Elizabeth A Johnson, Orbis, 2018
In this beautifully written and accessible book, Elizabeth Johnson asks whether it is possible, against a background of ecological devastation, to speak of salvation in a way which encompasses the whole created order, rather than defining it purely in relation to humanity.
She argues that thinking of the cross exclusively in terms of forgiveness will inevitably exclude creation, since sin is something which is unique to humanity. The pre-eminence of one theory of the atonement, the satisfaction model, articulated by Anslem of Canterbury is identified as a particular problem, and much of the book is given to critiquing this model and others stemming from it.
Johnson takes her reader on a journey of "unlearning" Anselm's theory, firstly by articulating and appreciating its positive aspects. She even pays Anselm the compliment of adopting the style of Cur Deus Homo, writing her book as a dialogue between herself and her student "Clara". She commends the theory for its beauty, logic and focus on the mercy of God. By emphasizing Anselm's effectiveness in articulating salvation within the culture of feudalism, she is able to question the usefulness of his theory for our own vastly different context, before concluding the model is 'well past its sell by date'.
She continues her critique, whilst building support for her own model of “Accompaniment” with a detailed analysis of scripture emphasising the qualities of the mercy and forgiveness inherent in God and revealed in both Testaments. She sets the ministry of Jesus firmly within a prophetic and messianic tradition and his death in within a historical framework, arguing that it was not a deliberate action on the part of God, but Jesus’ faithfulness to his vocation and his challenging injustice amid an oppressive political climate which led to the cross.
Johnson’s theory of “Accompaniment” is grounded within a theology of “Deep Incarnation”, a term coined by the Danish theologian Niels Gregersen, which understands that when “Word became flesh”, the Divine Logos assumed the living essence that is common to all life. Just as Christ’s maleness and Jewishness do not preclude his redeeming women and gentiles, so his humanity does not preclude him redeeming the entire created order.
Thus, Christ’s solidarity with those who suffer - writ large upon the cross, is not only a solidarity with suffering humanity, but with suffering creation. All living things engage in the struggle to survive and all living things live with reality of death. Johnson submits that “the death of Christ becomes an icon of God’s redemptive co-suffering with all sentient life as well as the victims of social competition”.
The crucifixion, however, must not be considered in isolation from the Resurrection. This is understood in terms of an inaugurated eschatology. The Resurrection heralds a new order of creation which has not yet come to fulfilment. As you may anticipate, the implications of Christ being “the first fruits of the dead” are not limited to deceased humans but are “widened to include hope for all creatures”. Evidence for this point of view is given from the perspective of the Orthodox Church and Pope Francis.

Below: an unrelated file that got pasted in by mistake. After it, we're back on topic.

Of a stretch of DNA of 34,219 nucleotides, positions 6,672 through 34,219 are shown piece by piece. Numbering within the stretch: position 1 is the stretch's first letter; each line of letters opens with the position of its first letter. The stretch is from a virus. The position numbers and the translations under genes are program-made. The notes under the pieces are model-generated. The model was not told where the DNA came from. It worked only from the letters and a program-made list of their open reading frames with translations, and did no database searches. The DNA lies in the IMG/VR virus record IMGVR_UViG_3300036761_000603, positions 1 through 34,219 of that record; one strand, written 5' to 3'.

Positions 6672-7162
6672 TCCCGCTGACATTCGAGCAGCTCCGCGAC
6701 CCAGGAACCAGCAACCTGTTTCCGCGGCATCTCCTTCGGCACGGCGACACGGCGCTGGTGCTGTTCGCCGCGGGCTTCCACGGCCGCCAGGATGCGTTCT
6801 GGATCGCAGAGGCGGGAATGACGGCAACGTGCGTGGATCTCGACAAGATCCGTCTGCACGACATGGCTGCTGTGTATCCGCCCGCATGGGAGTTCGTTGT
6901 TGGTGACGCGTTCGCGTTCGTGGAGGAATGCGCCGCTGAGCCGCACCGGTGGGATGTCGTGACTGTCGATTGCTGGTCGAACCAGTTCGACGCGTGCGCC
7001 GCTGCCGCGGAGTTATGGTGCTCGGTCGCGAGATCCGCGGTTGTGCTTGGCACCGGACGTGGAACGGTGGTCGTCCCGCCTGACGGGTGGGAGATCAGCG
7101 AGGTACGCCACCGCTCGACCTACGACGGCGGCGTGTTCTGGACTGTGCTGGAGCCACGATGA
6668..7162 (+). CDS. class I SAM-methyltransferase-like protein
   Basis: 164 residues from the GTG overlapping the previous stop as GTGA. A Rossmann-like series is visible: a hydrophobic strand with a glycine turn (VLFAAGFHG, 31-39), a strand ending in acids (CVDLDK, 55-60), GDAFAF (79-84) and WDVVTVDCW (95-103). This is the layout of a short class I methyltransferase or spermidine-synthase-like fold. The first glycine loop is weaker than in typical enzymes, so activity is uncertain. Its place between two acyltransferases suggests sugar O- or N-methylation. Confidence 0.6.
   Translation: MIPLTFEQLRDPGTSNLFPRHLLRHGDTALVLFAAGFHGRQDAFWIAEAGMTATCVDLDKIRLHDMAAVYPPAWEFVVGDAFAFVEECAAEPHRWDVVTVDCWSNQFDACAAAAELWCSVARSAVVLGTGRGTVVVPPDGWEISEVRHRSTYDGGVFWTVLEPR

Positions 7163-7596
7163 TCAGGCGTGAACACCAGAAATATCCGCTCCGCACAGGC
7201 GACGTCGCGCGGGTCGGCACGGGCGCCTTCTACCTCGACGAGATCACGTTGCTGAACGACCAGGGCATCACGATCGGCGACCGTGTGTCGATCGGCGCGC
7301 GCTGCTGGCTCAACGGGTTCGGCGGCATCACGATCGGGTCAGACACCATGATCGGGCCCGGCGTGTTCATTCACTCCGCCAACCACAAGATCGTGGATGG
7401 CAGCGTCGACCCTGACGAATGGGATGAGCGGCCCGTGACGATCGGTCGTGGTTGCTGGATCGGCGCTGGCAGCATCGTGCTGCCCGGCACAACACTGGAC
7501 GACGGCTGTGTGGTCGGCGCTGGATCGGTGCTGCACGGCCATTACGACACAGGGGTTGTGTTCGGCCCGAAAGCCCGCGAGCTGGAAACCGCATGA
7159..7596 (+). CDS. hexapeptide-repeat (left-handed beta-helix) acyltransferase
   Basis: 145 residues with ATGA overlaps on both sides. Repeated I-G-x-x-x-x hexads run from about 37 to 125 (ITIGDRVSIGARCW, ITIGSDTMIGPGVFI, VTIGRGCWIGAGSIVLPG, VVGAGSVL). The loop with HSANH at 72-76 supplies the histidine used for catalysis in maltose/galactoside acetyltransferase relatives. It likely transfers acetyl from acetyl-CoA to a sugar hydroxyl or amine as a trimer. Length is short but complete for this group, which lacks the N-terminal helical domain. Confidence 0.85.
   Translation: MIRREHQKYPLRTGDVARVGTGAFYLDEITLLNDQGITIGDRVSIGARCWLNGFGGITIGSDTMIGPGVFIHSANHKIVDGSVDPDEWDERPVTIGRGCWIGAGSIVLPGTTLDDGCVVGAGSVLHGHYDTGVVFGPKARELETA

The book concludes by working through the implications of the theory in terms of “conversion” – a change of heart and mind. In order to facilitate this some thought experiments are offered, including the idea reading scripture whilst understanding "us" to including all creation. The implications for worship and ethics are articulated and Johnson suggests that “The best take-away for spirituality and ethics would be a lively sense of the presence of God to all the creatures on planet Earth, walking with them in their joy and suffering in order to heal, redeem and liberate, and a humbled awareness of the creating God who cares especially for the poor and oppressed among human being and among all species”
This work is a creative and comprehensive piece of theology which challenges the status quo and provokes questions. The “accompaniment” theory of the atonement is well articulated and contrasted effectively with Anselm’s satisfaction theory.
However, other theories of the atonement are not dealt with the same rigour. It is surprising, that the theory of recapitulation is dismissed in only a few paragraphs. Arguably this theory has significant potential to include creation within the atonement, given its understanding of Christ’s obedience as reversing the curse of Adam - a curse which fell on the land as well as human beings.
Furthermore, I am dubious about the assertion that thinking of the cross in terms of sin and forgiveness does excludes creation. If creation suffers as a result of human sin, then forgiveness of those same sins, followed by repentance and sanctification will be good news for the created world. Johnson allows that an emphasis of sin is necessary when dealing with the realities of life, but it remains under-articulated in her thesis, possibly because she considered it sufficiently emphasised by others.
Johnson critiques Anselm for separating the cross from the resurrection, but similar critiques can be made of Johnson herself. Her theory of Accompaniment is not extended to Christ’s ascension or Pentecost when doing so might well have provided new and constructive insights. This said, Johnson’s ideas are compelling and considered and her work is detailed and comprehensive. It will educate the reader not only in environmental theology but in biblical literacy. It may not be possible to argree with all of her conclusions, but I would recommend this work to anyone who is seeking to engage with issues surrounding theology and the environment both as a comprehensive introduction, and a stimulus to further engagement.